— Ninety-five days.
That is how long it is from the end of the Super Bowl to the NFL Draft, which has now been pushed back to May 8.
Check out just some of what has or will happen in sports over those 95 days.
The Winter Olympics, Daytona 500, the NCAA Tournament, the start of the Major League Baseball season, the Masters, spring football practice and games, the start of the never-ending NBA and NHL playoffs, and enough other events to keep any sports fan content.
Yet, flip on sports talk radio on SiriusXM, or listen or watch ESPN, FOX and just about any other national sports medium just about anytime during the week, and it is NFL Draft at least part of the time.
Will someone please explain to me what it is about the draft that deserves non-stop attention from morning to night every single day of the week?
I mean, seriously, who even remembers who the first pick was from last year’s three-day extravaganza in New York.
Quick, who was it? I just asked both of my co-workers here in the sports department and they are stumped.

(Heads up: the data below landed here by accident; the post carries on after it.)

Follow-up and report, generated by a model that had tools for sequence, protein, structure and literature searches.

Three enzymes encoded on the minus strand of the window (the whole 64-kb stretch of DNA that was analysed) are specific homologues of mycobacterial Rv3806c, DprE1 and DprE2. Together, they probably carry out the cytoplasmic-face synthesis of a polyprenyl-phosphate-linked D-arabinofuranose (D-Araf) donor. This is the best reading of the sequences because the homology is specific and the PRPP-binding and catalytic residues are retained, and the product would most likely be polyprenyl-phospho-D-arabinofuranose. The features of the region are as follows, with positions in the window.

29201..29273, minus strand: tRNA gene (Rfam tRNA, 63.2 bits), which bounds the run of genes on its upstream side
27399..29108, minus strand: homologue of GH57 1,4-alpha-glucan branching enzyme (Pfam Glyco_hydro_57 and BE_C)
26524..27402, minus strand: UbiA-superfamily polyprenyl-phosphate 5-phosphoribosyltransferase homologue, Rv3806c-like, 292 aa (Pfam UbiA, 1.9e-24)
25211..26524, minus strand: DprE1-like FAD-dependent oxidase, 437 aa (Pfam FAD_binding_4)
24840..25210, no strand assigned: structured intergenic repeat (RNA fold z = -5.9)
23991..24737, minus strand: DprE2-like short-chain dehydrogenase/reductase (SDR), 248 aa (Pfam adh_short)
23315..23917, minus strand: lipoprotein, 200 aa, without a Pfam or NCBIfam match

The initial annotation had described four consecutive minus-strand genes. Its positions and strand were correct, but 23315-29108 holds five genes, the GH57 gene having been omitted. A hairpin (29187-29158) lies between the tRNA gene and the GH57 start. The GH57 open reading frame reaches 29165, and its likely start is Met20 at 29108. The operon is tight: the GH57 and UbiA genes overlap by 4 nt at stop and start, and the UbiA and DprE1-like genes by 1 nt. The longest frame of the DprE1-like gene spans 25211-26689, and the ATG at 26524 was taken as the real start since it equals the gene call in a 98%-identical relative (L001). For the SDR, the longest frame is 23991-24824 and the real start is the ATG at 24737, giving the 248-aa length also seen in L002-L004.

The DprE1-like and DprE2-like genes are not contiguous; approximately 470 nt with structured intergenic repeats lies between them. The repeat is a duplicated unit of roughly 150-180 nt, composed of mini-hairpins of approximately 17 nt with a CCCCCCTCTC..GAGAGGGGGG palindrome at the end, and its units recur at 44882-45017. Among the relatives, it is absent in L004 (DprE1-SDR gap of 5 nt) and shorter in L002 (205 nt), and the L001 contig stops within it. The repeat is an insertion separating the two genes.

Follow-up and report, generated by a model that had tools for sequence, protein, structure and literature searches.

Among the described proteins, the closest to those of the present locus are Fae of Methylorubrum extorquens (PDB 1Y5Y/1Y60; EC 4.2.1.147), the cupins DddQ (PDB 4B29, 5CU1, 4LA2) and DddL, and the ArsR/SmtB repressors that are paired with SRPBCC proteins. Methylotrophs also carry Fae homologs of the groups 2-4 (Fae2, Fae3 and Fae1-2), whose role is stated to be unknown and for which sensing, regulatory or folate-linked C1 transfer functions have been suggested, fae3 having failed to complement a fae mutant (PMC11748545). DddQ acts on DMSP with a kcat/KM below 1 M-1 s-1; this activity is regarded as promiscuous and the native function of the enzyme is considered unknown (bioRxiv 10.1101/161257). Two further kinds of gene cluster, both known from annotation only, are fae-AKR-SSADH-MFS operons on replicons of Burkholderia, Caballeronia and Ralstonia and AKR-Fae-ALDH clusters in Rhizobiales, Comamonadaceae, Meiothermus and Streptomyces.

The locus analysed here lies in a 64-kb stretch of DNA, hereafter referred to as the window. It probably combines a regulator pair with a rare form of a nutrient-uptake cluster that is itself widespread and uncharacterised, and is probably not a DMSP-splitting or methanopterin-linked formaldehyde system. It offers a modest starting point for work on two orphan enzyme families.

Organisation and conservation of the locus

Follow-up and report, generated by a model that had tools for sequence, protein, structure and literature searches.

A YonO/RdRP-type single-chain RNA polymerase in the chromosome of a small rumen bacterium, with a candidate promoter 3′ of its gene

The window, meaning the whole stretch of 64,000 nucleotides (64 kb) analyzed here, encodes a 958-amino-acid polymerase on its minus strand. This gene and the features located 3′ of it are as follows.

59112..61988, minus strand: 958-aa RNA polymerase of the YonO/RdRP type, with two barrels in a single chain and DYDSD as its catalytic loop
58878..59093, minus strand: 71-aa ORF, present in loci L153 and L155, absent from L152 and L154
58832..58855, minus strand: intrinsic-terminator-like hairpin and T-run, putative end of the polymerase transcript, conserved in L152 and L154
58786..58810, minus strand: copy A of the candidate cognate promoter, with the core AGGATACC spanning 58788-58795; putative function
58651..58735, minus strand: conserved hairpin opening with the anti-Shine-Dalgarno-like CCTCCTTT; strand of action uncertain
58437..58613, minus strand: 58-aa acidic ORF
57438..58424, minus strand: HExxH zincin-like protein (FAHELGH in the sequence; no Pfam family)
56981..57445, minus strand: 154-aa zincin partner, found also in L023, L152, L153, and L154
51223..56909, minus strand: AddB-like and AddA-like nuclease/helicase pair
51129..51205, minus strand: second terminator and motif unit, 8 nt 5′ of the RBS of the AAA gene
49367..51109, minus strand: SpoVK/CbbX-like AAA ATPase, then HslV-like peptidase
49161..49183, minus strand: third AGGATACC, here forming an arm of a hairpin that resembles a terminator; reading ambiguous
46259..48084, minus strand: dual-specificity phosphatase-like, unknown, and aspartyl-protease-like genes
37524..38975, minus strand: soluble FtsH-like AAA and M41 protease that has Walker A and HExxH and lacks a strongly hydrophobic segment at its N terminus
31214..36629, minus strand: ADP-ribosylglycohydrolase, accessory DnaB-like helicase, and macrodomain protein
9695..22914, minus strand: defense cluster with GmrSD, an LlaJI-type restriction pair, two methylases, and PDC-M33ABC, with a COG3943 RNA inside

I will answer it at the bottom of this column. I might have to look it up. Seriously, do you even remember who your team selected last year?
The creation of his column actually began in my head on Thursday morning when I was in the car searching for some sports news. I dialed away from one SIRIUS XM station because this particular person does little else but talk about the NFL and then switched over to the often-irritating and sometimes controversial Colin Cowherd on ESPN Radio.
He had some ‘breaking news’ and as a member of the media, that perked my interest. It was supposed to be released on ESPN television at noon.
Instead, Cowherd went with it, and thank goodness, he did. The suspense would have been too much to take.
The news? Brace yourself ... I probably should have pulled over to the side of the road.
It was ... Todd McShay’s latest mock draft.
At least give me Joe Lunardi and his yearly attempt to pick the 68-team NCAA Tournament field. Hey, it is March and the Madness has begun. I need his assistance to help me win that $1 billion for the perfect bracket.